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Charles Moore: Cambridge is a template for defending free speech

Charles Moore, The Daily Telegraph

The vote in favour of true protection for free speech proves that the wokeists are not nearly as numerous as they claim

When I wrote in this space two weeks ago supporting the defenders of free speech at Cambridge University, I thought they would lose. After all, the university’s vice-chancellor, Stephen Toope, had opposed their amendment. The university establishment had wanted free speech denied whenever it failed to show “respect” to the ideas and identity of others. Like so many bludgeoned by jiggery-wokery, I assumed this bad view would prevail.

Yet the rebels won last week. The senior members of the university voted, by a margin of roughly 4:1, for three amendments which jettisoned the Toope wording. Respect, said the rebels, cannot be compelled whenever people choose to claim offence; and it is wrong to respect ideas you think are idiotic or evil. They substituted the word “tolerance”: where you cannot respect, you can tolerate.

There are important lessons here. One is the powerfully disparate nature of the victorious coalition. Its eloquent moving spirit, Dr Arif Ahmed, is a libertarian atheist philosopher, but his cause gathered support from feminists persecuted by transgender activists, Christians, conservatives and many scientists angry that their rigorous search for truth might fall foul of identity politics. The role of the Free Speech Union was also significant. So was that of many students (not part of the senior franchise) who were angry at the lack of intellectual freedom.

The vote proves that the wokeists are not nearly as numerous as they claim, and suffer from intellectual weakness when challenged. In academic life – as in museums and much of the public sector and big business – people are frightened that their careers will suffer if they step out of line. They may even be called racists. As a result of the Cambridge ballot – which was secret – they now know they are not alone.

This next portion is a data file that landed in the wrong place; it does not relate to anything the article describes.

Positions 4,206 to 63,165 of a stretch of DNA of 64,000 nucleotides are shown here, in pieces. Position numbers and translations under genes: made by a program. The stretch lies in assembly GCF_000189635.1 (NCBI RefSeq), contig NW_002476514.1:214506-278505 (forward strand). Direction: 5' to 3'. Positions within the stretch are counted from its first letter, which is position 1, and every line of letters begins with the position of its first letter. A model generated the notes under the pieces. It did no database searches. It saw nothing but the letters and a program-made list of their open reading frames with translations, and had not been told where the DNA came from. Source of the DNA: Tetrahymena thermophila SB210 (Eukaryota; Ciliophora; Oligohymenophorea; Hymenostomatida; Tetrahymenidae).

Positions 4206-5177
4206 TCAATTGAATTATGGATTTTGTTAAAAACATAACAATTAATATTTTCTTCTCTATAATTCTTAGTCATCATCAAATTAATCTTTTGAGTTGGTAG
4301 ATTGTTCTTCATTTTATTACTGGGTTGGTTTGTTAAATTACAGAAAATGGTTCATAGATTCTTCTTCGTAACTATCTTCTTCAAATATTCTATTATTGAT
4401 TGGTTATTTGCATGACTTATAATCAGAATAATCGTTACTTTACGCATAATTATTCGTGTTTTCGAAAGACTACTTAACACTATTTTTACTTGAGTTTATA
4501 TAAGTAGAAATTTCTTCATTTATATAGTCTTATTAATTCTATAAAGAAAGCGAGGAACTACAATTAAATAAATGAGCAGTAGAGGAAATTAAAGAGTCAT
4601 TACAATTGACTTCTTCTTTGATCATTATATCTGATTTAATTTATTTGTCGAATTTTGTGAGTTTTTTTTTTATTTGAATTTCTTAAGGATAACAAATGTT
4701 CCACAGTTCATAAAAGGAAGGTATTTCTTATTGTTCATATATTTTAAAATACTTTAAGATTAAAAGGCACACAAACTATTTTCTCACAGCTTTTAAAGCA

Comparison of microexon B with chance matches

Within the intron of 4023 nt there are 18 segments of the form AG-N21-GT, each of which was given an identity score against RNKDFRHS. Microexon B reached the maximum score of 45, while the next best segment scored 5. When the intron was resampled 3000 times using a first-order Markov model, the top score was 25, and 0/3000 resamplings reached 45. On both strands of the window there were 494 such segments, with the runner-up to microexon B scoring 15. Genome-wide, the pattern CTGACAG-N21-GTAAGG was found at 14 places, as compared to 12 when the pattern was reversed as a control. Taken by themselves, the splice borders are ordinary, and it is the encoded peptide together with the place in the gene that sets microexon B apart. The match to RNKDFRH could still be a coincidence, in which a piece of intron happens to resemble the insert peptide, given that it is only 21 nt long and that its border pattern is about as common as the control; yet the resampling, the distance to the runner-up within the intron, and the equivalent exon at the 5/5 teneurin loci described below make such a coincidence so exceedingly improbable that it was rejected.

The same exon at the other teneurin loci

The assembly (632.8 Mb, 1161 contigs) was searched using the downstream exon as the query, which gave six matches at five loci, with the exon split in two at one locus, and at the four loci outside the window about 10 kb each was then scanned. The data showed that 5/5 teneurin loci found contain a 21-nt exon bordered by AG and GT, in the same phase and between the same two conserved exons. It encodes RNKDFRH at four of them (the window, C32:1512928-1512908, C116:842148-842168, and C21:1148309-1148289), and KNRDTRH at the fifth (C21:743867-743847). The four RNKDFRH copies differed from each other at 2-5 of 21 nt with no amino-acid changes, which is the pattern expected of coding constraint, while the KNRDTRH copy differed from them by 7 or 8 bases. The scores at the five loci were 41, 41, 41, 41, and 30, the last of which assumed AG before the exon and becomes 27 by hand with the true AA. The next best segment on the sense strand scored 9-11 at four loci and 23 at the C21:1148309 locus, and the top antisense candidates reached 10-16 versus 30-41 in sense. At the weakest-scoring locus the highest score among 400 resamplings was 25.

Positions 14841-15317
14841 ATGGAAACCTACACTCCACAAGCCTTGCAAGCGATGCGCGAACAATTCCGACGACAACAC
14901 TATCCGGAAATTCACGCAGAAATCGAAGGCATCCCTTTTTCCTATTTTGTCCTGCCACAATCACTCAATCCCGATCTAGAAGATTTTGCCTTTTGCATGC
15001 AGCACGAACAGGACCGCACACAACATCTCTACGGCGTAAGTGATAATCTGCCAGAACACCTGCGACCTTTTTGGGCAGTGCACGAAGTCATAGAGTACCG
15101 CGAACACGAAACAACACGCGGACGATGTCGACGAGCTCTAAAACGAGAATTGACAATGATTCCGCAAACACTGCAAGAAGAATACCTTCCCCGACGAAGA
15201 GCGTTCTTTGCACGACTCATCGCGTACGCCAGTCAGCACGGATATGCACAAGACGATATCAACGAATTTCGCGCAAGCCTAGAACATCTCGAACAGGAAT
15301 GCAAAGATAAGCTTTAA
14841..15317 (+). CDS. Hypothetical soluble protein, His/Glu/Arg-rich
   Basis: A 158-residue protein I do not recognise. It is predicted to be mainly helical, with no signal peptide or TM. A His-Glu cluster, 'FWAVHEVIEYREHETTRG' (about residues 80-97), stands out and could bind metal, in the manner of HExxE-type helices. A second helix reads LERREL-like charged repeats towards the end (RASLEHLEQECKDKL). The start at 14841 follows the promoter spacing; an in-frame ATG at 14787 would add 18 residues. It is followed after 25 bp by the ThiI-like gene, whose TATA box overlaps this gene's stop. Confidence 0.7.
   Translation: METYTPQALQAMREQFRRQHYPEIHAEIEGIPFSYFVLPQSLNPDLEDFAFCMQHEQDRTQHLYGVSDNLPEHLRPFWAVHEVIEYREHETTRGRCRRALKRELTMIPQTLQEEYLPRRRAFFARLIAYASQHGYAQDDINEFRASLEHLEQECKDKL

This, in turn, seems to have frightened Professor Toope. When the university disinvited Professor Jordan Peterson in 2019, he justified this, saying that “robust debate” could not happen “when some members of the community are made to feel personally attacked, not for their ideas but for their very identity”. His doctrine has been overthrown, yet Professor Toope welcomes the result of the vote as if it had been what he wanted: “Freedom of speech is a right that sits at the heart of the university. This statement is a robust defence of that right… The statement also makes it clear that is unacceptable to censor, or disinvite, speakers whose views are lawful but may be seen as controversial.” So please will he bring back Professor Peterson’s visiting fellowship?

Professor Toope seems to see which way the wind is blowing. One must hope he will also retreat from his previous praise of the Communist rulers of China, and ensure that his university’s China projects – many reliant on Chinese money – now give platforms to critics of the regime.

As for the wider world – including most universities, which have less democratic governance structures than Cambridge – the vote’s free speech wording should provide a template. If the idea of tolerance were to replace that of enforced “respect”, this would profoundly affect public policy.

Full op-ed